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Russia: Officials Considering Oil Export Regulation

  • Michael Lelyveld

Russian officials have proposed a new system for regulating the country's oil exports. However, it is unclear whether it will address the basic problem of domestic subsidies or lead to greater reform. RFE/RL's Michael Lelyveld reports.

Boston, 15 November 2000 (RFE/RL) -- A new Russian plan for managing the country's oil exports has highlighted the differences between economic systems in the East and the West.

The Russian business newspaper Vedomosti reported this week that Deputy Prime Minister Viktor Khristenko has offered a proposal to grant oil export quotas through open auctions instead of the current system that relies on government favors and questionable deals.

The new plan, which may take effect in January, would allow the government to auction off export rights to the highest bidder. One-quarter of the oil export quotas would be handled in this way. Khristenko proposed the auction system after President Vladimir Putin recently named him to head a new Fuel and Energy Committee to control Russia's pipelines.

Vedomosti quoted an official of Russia's Federal Energy Commission as saying that the auction idea was first suggested by the International Monetary Fund in 1995 as a fairer way of controlling access to Russia's pipelines and ports.

Supporters of the plan see it as preferable to Russia's current practice of requiring the country's oil companies to sell 70 percent of their production on the domestic market, while allowing them to sell 30 percent at much higher prices abroad. Critics say the system administered by the Energy Ministry has never been formally laid out in law, leaving it open to exceptions, corruption, and abuse.

Some of Russia's biggest oil companies have reportedly been permitted to export over 40 percent of their oil in exchange for carrying out government programs or returning hard-currency credits. As a result of such favors, oil companies exported over 41 million tons more than their 30 percent share. By that calculation, Russia kept only 56 percent of its oil for domestic consumers last year, instead of 70 percent.

A system of auctions could have the advantage of being more open. But it may be hard not to see it as another export tariff or tax. Oil companies that operate on the open market are already seeking the highest bidders for their products. The new plan would essentially force them to bid for the right to do so.

The logic behind the idea seems to be that Russia's pipelines are state-owned. Because their export capacity is limited, the choice is either to apportion the access or auction it. Apportioning has already been tried. In addition, the government would continue to restrict oil exports in order to keep domestic prices from rising too high. Energy prices in Europe are as much as 10 times higher than in Russia. Without export limits, few Russians might be able to afford oil or fuel.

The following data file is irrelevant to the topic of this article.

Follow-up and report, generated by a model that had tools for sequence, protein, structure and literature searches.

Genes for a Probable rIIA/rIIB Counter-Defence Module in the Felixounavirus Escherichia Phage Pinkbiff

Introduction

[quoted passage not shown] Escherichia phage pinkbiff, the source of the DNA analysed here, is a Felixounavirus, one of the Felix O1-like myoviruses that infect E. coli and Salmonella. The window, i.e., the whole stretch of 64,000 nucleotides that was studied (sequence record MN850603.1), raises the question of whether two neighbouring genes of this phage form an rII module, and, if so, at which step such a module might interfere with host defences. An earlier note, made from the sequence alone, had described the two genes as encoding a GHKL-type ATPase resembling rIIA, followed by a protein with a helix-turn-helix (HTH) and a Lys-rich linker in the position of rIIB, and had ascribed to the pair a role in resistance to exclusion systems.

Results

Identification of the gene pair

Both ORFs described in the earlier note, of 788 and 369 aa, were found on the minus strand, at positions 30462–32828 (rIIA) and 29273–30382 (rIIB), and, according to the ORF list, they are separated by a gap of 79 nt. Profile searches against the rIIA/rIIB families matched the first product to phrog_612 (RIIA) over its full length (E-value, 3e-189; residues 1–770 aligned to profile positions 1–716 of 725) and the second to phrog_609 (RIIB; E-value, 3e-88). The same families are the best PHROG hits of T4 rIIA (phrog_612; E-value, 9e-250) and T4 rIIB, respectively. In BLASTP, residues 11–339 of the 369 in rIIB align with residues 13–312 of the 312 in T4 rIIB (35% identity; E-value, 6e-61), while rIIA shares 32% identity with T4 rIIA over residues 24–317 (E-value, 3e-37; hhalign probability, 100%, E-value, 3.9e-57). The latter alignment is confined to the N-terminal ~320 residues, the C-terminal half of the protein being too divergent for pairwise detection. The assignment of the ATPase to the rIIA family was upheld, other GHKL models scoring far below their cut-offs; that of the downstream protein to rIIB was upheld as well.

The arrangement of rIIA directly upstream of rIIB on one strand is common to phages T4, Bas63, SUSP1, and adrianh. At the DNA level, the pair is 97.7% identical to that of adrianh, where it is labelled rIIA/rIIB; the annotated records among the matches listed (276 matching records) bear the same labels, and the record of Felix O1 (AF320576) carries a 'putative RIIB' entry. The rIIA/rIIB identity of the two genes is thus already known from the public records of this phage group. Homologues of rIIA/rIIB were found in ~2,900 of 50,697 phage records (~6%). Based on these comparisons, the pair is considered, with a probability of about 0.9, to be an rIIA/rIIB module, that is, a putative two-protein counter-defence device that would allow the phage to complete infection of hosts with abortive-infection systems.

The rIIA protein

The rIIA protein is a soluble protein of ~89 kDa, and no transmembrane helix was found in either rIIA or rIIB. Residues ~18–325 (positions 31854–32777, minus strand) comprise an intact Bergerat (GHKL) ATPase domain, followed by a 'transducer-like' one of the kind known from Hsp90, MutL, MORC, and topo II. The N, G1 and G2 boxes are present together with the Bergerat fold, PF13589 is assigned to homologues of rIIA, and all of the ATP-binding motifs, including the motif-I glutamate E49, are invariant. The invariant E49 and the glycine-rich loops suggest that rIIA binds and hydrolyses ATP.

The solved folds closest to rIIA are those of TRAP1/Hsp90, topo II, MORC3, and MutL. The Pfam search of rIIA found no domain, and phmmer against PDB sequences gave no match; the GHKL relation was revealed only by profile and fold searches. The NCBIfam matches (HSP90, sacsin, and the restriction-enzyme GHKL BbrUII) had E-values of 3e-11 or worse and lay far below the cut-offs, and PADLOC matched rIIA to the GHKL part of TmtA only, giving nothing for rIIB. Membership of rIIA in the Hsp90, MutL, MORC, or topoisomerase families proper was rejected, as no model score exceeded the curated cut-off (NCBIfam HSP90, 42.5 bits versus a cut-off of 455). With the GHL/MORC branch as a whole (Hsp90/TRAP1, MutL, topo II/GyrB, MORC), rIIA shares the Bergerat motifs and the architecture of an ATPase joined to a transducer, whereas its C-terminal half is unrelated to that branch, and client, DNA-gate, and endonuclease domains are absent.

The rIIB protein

There may be advantages to export auctions. But the improvement seems likely to be relative only to the current system, making it only a modest step toward free market reform.

The plan appears to assume that the Russian government will continue to control domestic oil prices and export levels. In the past, such interference with the forces of supply and demand have limited the incentive to produce. If world oil prices fall, there will be even less incentive than before. The result may be shrinking supplies for both exports and domestic use.

Russian oil companies have been using their export earnings to offset and subsidize their low prices at home. But if the new system succeeds in restoring the domestic share of production to 70 percent from the current 56 percent, there may be even smaller export earnings to help keep Russian prices low. The government will still have the problem of the huge gap between foreign and domestic prices for oil.

It is hard to find exact parallels in the West to the proposed auction system for export rights. In the United States, for example, oil exports are controlled but in a different way.

In 1979, the country restricted exports of oil produced in the United States in order to curb the effects of soaring prices during the Arab oil embargo. The government has since prohibited most exports of U.S. oil, as well as regulating other commodities that are in short supply. But unlike Russia, the United States produces less than half the oil it consumes. The government has not controlled domestic oil prices, although they have risen dramatically this year.

It remains to be seen whether Russia's latest experiment with trying to control the forces of supply and demand will work. But there are hopes at least for greater fairness and openness, even if it means replacing one imperfect system with another.

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